[This is G. Sallust, and today I’m doing a [hopefully] short post on health care, a subject that’s bedeviled our politics for years. More specifically, we’ll talk about the Patient Protection and Affordable Care Act[1], popularly known as Obamacare, passed in 2010. As you may know, we did a lengthy blog a while back detailing how that was done, and the rather clownish debate that accompanied the complex parliamentary procedures employed by both sides.[2]  As I recollect, the Republicans took the position that anyone who supported the bill probably was a Marxist, while the Democrats said that basically the Republicans just wanted to kill the poor. The “debate” was not a consensus-building exercise.]

As we all know Obamacare finally did pass, and thereafter Republicans in the Congress voted repeatedly to abolish it. None of these efforts got by President Obama because a President has the power to veto legislation, and it’s very hard for Congress to overcome one of those even when Conservatives wish it so. [3]  My take on President Trump is that he is more moderate on Obamacare than the far right wing of his party really likes. He’s willing to “repeal and replace” the program, not just do away with it. We’ll find out what that means when the Republican House and Senate produce legislation that they both agree to. If he signs it, that act will define his Administration’s policy.

Best Care in the World?

Back in 2009, 2010 one of the arguments against Obamacare was that we already had the best medical care in the world, so why tamper with it by regulating service and letting more people in? That would have been a good argument if it were true, but it wasn’t. In 2000 WHO [the World Health Organization] published a report that studied and ranked health system performance around the world.[4]   France was ranked # 1 in “Overall Health System Performance”; Germany, # 25; and the U.S., # 37.[5]

When WHO issued its 2010 report, in time for the great debate on healthcare here in the U.S., it had even more embarrassing facts for people who thought we were the greatest. [6] Just looking at the same 3 countries, France, Germany and us, it’s obvious that the people there live measurably longer than we do here. Our life spans are OK, I guess, but definitely we’re not # 1, ever. Take a look at these statistics from 2000 and 2008:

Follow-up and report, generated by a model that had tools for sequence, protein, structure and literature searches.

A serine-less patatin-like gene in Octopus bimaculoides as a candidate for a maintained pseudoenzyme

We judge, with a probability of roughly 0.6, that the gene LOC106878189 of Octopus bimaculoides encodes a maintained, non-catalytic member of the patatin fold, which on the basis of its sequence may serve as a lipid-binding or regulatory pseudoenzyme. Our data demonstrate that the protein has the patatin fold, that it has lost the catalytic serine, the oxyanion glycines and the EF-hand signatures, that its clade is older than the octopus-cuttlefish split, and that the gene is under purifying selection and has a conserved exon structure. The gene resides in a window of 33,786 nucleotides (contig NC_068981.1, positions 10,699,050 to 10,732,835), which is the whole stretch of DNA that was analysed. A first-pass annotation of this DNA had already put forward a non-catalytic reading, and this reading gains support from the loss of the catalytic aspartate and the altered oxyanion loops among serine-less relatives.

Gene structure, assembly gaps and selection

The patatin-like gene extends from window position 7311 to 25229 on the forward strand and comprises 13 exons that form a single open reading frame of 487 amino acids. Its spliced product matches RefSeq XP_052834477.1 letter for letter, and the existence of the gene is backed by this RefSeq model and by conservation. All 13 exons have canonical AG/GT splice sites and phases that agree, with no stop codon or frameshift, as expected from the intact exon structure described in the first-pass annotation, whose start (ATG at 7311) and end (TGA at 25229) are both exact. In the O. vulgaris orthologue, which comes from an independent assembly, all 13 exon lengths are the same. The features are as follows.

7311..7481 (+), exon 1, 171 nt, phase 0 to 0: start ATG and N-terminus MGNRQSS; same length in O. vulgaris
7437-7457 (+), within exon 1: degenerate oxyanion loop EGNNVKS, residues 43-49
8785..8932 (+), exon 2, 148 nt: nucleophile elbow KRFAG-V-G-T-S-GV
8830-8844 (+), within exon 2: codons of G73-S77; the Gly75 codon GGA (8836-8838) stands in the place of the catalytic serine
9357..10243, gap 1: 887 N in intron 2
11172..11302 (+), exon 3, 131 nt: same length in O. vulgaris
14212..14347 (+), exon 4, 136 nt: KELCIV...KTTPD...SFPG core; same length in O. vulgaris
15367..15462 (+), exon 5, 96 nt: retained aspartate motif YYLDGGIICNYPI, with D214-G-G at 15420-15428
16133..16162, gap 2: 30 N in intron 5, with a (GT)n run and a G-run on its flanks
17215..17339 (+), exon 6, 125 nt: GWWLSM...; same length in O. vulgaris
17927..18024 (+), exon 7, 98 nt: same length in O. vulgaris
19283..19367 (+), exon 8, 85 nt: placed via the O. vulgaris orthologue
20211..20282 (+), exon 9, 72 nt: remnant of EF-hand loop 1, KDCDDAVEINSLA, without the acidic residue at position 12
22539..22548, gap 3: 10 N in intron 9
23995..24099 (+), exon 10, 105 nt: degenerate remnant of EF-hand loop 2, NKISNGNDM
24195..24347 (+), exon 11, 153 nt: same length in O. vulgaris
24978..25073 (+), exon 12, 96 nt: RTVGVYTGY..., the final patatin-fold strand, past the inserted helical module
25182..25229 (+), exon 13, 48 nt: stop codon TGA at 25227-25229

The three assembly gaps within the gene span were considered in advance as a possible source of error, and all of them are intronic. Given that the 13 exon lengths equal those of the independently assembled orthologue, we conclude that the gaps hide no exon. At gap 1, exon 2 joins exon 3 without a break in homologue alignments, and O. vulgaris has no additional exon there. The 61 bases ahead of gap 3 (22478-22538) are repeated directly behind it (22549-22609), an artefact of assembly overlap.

Life Expectancy at Birth in 2000, 2008, for France, Germany and the United States

France

  • CY 2000: men 75 years; women 83 years; average 79 years;
  • CY 2008: men 78 years; women, 85 years; average 81 years;

Germany

  • CY 2000: men 75 years; women 81 years; average 78 years;
  • CY 2008: men 77 years; women 83 years; average 80 years.

United States   

  • CY 2000: men 74 years; women 80 years; average 77 years;
  • CY 2008: men 76 years; women 81 years; average 78 years[7]

So did things get better in 2015? They did so marginally; but we were still last of the 3, and again men were dying sooner than women:

Life Expectancy at Birth in 2015 for France, Germany and the U.S.

France

  • CY 2015: men, 79.4 years; women, 85.4 years; average 82.4 years;

Germany

  • CY 2015: men, 78.7 years; women, 83.4 years; average 81.0 years;

United States

  • CY 2015: men, 76.9 years; women, 81.6 years; average 79.3 years. [8]

U.S. Spending